Does Your Relationship Need a Sleep Divorce?


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Have you ever wanted to sleep separately from your partner, but you’re afraid to bring it up? Are you tired of his or her tossing and turning or snoring? Over the years I’ve had many patients and workshop participants come to me saying that they love their partner but often feel fatigued and overwhelmed in the relationship and would prefer sleeping alone. This is particularly true for highly sensitive empathic people. Even though there are those who thrive on togetherness there are many others, like myself who tend to intuit and absorb our partner’s energy and become overloaded, anxious or exhausted when we don’t have time to decompress in our own space. This is amplified when you sleep in the same bed as someone! In my books, “The Empath’s Survival Guide” and “Emotional Freedom,” I discuss sleep and dreams that includes tips on sleeping with a partner. The books also has other helpful techniques for successful relationships for sensitive people.

Traditionally partners sleep in the same bed. However, some energy-sensitive people never get used to this, no matter how caring a mate. Nothing personal; they just like their own sleep space. It is important to speak up about your preferences. Feeling trapped in bed with someone, never getting a really good night’s rest, is torture. Energy fields blend during sleep, which can overstimulate sensitives. So, brainstorm with your mate about options. Separate beds. Separate rooms. Sleeping together a few nights a week. Because non-energy-sensitive people may feel lonely sleeping alone, make good faith compromises when possible.

More and more couples are becoming aware of this issue as indicated in this recent article in the Toronto Sun newspaper on “Sleep Divorce?” that I was interviewed for.

Sleep divorce? Sleeping apart for health and comfort is good for relationships

by Joanne Richard, Special to QMI Agency

Beer drinking couch potato drunk and passed out


Tired of tossing and turning? Annoyed with your snoring spouse? Save your marriage – get a sleep divorce. According to Dr. Judith Orloff, if you want to love the one you’re with, then you leave them – at night. Orloff practices what she preaches: “My last partner and I used to sleep separately most of the time. He was a big bear who tossed and turned and was always hot. I needed more space and quiet with no snoring. I am a person who needs lots of blankets, comforters and coziness. He got too hot with all the covers I wanted.”

Sleeping separate is not a sign of imminent relationship demise. It is becoming much more acceptable among loving couples, says Orloff, adding that “this has helped many of my patients… it can save relationships and love.” Good sleep equates to good health and good relationships: “It is hell not to get a good night’s sleep,” adds Orloff, author of Emotional Freedom: Liberate Yourself from Negative Emotions and Transform Your Life. Being sleep deprived can make you irritable and resentful of your partner who is snoring – “life isn’t as fun.”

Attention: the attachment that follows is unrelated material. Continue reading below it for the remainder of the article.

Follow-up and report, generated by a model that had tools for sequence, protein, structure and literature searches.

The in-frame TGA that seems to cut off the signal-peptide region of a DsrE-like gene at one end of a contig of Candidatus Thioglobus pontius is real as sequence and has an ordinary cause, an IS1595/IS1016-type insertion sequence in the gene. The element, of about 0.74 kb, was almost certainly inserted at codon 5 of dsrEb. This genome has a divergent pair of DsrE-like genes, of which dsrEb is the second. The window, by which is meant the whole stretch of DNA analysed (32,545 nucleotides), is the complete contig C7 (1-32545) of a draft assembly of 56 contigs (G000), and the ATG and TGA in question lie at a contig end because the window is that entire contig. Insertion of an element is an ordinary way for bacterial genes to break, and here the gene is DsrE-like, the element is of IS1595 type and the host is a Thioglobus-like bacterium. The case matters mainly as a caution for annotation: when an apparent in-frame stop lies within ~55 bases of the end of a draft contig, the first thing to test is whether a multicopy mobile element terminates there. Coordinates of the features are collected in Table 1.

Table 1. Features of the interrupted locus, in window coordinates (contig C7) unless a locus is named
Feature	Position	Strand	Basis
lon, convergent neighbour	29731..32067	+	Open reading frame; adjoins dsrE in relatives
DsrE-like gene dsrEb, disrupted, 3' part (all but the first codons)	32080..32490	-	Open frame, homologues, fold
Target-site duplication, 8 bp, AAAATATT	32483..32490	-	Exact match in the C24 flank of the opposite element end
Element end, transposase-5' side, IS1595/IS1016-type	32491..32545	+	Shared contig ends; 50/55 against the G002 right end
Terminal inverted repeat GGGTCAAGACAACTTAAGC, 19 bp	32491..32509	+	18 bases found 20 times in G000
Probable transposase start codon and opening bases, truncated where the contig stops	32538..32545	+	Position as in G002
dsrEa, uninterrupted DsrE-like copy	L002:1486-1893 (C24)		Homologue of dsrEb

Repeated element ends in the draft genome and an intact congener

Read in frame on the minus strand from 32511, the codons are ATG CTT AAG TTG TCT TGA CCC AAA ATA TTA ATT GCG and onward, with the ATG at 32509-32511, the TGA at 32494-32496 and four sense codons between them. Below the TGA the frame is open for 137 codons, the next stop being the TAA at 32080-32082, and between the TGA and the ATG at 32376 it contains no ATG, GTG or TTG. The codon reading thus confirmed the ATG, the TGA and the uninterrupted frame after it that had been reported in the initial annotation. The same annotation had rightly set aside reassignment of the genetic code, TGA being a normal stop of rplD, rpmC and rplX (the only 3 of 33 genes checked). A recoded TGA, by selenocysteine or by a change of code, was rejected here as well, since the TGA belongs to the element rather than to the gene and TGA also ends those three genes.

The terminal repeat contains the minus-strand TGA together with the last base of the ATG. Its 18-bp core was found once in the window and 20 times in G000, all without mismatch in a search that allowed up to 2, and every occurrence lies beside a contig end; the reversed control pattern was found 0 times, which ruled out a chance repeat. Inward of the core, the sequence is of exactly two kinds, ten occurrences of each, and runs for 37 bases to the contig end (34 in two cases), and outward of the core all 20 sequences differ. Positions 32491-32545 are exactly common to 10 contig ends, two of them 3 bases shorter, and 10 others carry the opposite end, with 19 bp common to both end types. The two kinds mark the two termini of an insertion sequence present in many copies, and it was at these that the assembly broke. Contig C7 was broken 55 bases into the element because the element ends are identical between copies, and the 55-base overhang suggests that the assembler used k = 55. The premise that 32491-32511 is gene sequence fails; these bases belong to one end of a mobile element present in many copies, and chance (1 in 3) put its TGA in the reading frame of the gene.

Studies show that couples suffered 50% more sleep disturbances if they shared a bed. Separate beds does not mean no sex, stresses Orloff. “Couples can still snuggle and have sensual times and sex before they go sleep in separate bedrooms. It is important to keep sensuality and sexuality alive. Otherwise this essential part of a relationship may be lost when people sleep apart.”

In my practice, I’ve seen this creative approach to relationships save marriages and make ongoing intimacies feel safe, even for energy-sensitive people (of all ages) who’ve been lonely and haven’t had a long-term partner before. Once you’re free to articulate your needs, horizons open.

Adapted from Dr. Judith Orloff’s book, “Emotional Freedom: Liberate Yourself from Negative Emotions and Transform Your Life



Judith Orloff, MD is a New York Times bestselling author with the upcoming book The Genius of Empathy: Practical Skills to Heal Yourself, Your Relationships and the World (Foreword by the Dalai Lama). She has also written The Empath’s Survival Guide and Thriving as an Empath, which offers daily self-care tools for sensitive people. She integrates the pearls of conventional medicine with cutting edge knowledge of intuition, empathy, energy medicine, and spirituality. Dr. Orloff specializes in treating empaths and highly sensitive people in her private practice and online internationally. Her work has been featured on The Today Show, CNN, Oprah Magazine, the New York Times and USA Today. Dr. Orloff has spoken at Google-LA, TEDx U.S. and TEDx Asia. More information about Dr. Orloff’s Empathy Training Programs for businesses, The Empath Survival Guide Online Course and speaking schedule at

Connect with Judith on  FacebookTwitter and Instagram.

2 thoughts on “Does Your Relationship Need a Sleep Divorce?

  1. Hi Dr. Orloff, I downloaded your empath program but I realize that I need to speak to an empath psychotherapist. I cannot find one anywhere near me. Can you please help me find one? I live in SW GA but am willing to travel to Atlanta or Tallahassee, etc. I would greatly appreciate any help you can offer!!!

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